London, like virtually every other European city older than 500 years, was for a large part made up of churches and monasteries. Hence Erasmus could ask at the time of the Reformation, what is a city if not one big monastery? As early as 1300 London boasted over thirty churches and a dozen monasteries crammed within the city walls.
How tempting it would become for Henry VIII to simply disestablish the sprawling monasteries and convents and grab their lands and possessions. Not being one to resist temptation, he did precisely that–after settling his own divorce, marrying his mistress and replacing the pope with himself as head of the Church of England.
Names of the monasteries have survived where buildings have not: Blackfriars (Dominicans), Greyfriars (Franciscans), St Bartholomew’s (Benedictines), Austin Friars (Augustines), Crutched Friars, St Helen’s Priory of Nuns, Abbey of St Clare, and St Mary Overey’s Priory in Southwark, to name a few.
On our last day of the Celtic Heritage Tour last month, our party of 14 pilgrims traced Henry’s bloody trail to the Tower of London, where nearby the execution site of over 125 condemned men and women is marked by a bronze plaque revealing the names of those who fell foul of the king. It reads like the cast of characters in a Hilary Mantel novel: Thomas Cromwell, Sir Thomas Wyatt (rumoured to have been the queen’s lover), Thomas Howard (it was dangerous to be named Thomas)…
Nearby is a pub with the intriguing name in large letters: ‘The Hung, Drawn and Quartered’, under which a plaque reads: ‘I went to see Major General Harrison hung, drawn and quartered. He was looking as cheerful as any man could in that condition’. Samuel Pepys, 13th October 1660. Human rights apparently were not high on the priority list inTudor England.
Earlier we had started our visit at Westminster–yet another monastery–where we saw evidence of more humanitarian eras in London’s history. As we stood on the site of William Wilberforces’ house opposite Parliament, our guide briefed us on Oliver Cromwell’s role (great-great-grandson of Thomas’ sister) in establishing parliamentary democracy. After learning about Cromwell’s ruthless and bloody policies in Ireland over the previous ten days, it was good to hear he had at least done something good.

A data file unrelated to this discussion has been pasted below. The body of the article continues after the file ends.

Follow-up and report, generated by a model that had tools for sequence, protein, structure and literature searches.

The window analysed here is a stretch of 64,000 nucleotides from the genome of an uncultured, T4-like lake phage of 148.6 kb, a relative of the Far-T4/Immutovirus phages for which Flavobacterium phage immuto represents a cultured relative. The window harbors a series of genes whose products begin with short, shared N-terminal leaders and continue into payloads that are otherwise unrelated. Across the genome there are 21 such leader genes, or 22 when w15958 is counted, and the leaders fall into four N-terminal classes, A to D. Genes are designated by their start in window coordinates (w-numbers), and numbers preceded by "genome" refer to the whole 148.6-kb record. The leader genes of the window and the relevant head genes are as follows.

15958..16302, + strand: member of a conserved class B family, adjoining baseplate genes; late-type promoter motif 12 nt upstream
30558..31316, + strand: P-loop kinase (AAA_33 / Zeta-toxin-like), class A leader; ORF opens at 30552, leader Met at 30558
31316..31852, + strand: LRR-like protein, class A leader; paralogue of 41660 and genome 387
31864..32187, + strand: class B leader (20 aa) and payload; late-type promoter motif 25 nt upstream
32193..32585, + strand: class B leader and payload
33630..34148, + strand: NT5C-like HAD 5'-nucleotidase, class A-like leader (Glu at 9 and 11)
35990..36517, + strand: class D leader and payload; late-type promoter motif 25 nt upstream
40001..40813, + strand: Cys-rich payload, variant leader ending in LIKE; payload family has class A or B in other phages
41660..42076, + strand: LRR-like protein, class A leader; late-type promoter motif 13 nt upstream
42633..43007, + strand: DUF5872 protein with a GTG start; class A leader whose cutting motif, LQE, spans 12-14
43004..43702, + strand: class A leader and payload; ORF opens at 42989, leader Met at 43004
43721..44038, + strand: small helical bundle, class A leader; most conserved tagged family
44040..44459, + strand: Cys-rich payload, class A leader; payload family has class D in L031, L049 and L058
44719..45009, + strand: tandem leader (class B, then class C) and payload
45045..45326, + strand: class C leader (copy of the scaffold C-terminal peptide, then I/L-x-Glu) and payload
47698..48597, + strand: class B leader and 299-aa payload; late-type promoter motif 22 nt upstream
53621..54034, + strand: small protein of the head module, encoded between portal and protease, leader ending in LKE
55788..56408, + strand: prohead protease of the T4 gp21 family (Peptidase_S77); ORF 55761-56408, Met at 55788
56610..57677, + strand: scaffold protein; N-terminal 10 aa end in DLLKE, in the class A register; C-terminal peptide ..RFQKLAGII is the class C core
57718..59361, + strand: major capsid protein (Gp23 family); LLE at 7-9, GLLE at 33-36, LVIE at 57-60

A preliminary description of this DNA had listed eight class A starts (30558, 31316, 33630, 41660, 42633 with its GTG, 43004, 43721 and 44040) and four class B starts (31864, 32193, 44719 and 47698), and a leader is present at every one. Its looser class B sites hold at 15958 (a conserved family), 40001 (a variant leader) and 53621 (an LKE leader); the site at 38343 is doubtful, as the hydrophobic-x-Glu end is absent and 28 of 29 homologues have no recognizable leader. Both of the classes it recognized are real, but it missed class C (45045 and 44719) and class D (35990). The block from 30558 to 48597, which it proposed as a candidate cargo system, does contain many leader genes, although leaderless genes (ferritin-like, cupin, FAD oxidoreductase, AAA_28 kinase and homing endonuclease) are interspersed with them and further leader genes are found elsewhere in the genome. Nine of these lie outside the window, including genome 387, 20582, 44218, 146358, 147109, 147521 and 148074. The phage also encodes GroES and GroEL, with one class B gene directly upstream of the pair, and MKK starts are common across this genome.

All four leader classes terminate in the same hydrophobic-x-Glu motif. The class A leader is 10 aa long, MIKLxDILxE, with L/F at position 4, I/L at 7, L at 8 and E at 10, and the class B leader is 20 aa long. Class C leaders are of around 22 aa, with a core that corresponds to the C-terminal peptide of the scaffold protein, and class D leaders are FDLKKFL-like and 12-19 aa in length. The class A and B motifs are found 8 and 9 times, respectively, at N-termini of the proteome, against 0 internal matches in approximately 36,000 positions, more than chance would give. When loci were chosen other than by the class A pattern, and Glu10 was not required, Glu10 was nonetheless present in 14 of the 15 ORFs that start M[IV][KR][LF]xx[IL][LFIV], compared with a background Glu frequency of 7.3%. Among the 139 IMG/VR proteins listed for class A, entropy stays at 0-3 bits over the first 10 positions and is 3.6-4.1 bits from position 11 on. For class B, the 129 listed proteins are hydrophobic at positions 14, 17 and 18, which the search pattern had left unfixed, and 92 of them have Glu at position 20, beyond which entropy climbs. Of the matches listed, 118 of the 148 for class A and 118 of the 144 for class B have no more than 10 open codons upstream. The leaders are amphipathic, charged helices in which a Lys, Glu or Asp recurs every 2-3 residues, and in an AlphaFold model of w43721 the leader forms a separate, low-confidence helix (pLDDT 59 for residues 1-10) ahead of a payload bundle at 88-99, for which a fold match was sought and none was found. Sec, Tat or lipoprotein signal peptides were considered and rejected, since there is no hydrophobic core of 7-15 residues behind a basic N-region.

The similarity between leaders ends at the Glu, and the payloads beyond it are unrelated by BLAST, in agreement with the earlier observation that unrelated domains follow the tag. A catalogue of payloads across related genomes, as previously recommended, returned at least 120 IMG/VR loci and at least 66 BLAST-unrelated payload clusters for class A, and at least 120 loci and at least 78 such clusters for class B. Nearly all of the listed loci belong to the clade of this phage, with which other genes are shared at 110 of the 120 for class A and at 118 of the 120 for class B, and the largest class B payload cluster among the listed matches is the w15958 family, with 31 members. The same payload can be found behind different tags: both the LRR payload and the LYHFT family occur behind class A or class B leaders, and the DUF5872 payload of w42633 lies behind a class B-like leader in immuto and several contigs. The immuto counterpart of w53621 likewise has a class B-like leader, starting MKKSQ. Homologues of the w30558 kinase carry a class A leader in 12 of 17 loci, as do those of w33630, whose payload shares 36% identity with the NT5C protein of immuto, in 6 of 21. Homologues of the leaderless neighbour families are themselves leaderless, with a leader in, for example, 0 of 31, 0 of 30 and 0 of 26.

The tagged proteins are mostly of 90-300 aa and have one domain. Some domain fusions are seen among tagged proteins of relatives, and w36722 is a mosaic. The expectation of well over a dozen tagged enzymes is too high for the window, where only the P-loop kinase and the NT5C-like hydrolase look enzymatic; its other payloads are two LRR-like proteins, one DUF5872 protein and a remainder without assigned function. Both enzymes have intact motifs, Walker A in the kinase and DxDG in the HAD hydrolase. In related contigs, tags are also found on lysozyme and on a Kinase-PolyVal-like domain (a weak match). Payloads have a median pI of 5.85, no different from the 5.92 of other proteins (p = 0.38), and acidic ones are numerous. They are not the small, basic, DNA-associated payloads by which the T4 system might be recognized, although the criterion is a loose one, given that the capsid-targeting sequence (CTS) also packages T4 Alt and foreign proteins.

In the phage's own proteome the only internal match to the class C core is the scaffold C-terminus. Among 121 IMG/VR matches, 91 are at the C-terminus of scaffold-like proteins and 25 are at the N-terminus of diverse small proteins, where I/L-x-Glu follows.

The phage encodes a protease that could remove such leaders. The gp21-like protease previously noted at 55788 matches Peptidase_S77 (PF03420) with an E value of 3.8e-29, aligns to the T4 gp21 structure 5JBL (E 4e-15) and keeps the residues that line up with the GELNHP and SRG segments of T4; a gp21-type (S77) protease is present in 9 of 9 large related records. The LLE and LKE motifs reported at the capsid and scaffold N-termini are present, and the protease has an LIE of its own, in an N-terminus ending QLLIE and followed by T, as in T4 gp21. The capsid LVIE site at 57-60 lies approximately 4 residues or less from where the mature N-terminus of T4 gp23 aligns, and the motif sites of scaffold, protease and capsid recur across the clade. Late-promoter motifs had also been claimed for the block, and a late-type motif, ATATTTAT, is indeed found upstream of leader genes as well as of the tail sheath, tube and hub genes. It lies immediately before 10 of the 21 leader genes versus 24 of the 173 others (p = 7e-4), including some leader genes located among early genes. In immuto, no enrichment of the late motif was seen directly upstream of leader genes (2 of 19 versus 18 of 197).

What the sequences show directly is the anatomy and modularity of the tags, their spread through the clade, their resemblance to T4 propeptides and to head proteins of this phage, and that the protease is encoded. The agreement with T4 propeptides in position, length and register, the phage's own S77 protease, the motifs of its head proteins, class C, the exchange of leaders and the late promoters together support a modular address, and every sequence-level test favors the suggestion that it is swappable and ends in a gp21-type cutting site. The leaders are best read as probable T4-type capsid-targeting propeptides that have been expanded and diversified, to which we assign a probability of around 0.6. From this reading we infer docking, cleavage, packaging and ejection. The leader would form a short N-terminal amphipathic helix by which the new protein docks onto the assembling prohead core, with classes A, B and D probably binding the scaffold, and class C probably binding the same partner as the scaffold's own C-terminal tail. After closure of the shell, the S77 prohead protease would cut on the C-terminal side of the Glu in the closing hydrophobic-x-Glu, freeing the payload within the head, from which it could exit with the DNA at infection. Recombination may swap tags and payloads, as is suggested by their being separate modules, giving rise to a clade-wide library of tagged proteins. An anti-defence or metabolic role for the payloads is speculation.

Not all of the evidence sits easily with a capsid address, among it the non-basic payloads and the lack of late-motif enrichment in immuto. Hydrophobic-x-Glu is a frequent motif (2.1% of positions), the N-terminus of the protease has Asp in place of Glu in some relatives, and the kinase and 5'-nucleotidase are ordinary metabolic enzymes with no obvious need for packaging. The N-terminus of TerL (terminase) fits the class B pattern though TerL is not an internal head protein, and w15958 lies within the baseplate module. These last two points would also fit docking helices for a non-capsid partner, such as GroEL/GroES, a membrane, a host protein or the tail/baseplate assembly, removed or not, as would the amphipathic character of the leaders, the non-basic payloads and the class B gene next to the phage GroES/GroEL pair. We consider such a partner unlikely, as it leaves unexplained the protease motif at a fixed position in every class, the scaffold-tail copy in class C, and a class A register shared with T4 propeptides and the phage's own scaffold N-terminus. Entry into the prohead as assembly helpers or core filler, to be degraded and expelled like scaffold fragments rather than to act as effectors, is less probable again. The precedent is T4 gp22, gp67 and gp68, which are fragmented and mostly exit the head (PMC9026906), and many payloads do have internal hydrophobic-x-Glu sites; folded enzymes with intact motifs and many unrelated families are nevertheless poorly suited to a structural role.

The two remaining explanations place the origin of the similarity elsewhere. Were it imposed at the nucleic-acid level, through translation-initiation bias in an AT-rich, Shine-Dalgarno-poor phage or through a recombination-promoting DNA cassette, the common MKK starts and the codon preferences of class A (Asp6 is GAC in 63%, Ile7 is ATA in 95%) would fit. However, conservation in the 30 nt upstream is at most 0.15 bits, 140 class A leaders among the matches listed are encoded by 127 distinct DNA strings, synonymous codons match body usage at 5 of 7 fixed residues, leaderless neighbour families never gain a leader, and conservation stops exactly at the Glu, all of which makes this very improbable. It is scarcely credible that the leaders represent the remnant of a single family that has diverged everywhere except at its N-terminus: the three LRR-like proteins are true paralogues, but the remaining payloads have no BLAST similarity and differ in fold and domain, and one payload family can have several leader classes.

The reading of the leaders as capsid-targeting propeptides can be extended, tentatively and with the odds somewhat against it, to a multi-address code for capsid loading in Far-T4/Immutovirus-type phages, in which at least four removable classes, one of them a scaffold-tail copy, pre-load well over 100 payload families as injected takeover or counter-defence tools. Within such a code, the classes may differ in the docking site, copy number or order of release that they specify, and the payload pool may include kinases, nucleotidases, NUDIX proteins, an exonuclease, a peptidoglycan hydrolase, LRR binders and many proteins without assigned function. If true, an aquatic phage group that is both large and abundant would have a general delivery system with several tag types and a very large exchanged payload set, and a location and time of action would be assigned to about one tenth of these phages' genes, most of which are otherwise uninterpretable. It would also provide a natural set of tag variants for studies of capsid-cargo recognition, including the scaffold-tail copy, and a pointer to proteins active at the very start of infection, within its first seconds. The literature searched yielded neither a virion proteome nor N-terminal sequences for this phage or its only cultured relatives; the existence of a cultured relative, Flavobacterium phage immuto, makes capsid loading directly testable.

We made brief acquaintance with women’s suffragette leader Emily Pankhurst, or at least her bronze image, in the park, and a neo-gothic memorial for Sir Thomas Buxton, successor to Wilberforce in the fight against slavery. While Wilberforce saw the end of the slave trade in 1807, Buxton fought on until every slave in the British Empire was freed in 1833.
Next we stopped along the Thames Embankment, opposite the London Eye, where statues remind passers-by of more English heroes. Our interest was in Samuel Plimsoll and William Tyndale. Plimsoll fought a long battle to save the lives of thousands of sailors and passengers by instituting safety laws for ships. Tyndale, martyred near Brussels, pioneered the English Bible. Further down the Thames we stopped off at the dock where his New Testaments were smuggled ashore from the continent.
Just north of the old city walls, we discovered the Bunhill Fields Burial Ground, where such non-conformists were laid to rest as John Bunyan, William Blake, Daniel Defoe and Susanna Wesley. Her son John lies buried across the road on the site of the mother Methodist church. Around the corner one can still see George Whitefield’s Tabernacle.
Just enough time was left to head towards Whitechapel (there’s surely a story in that name) in East London where a statue of William Booth preaching near the Blind Beggar Tavern witnesses to the birth of the Salvation Army.
One day can only begin to offer a glimpse of the spiritual wealth this city has offered to our world.
Till next week,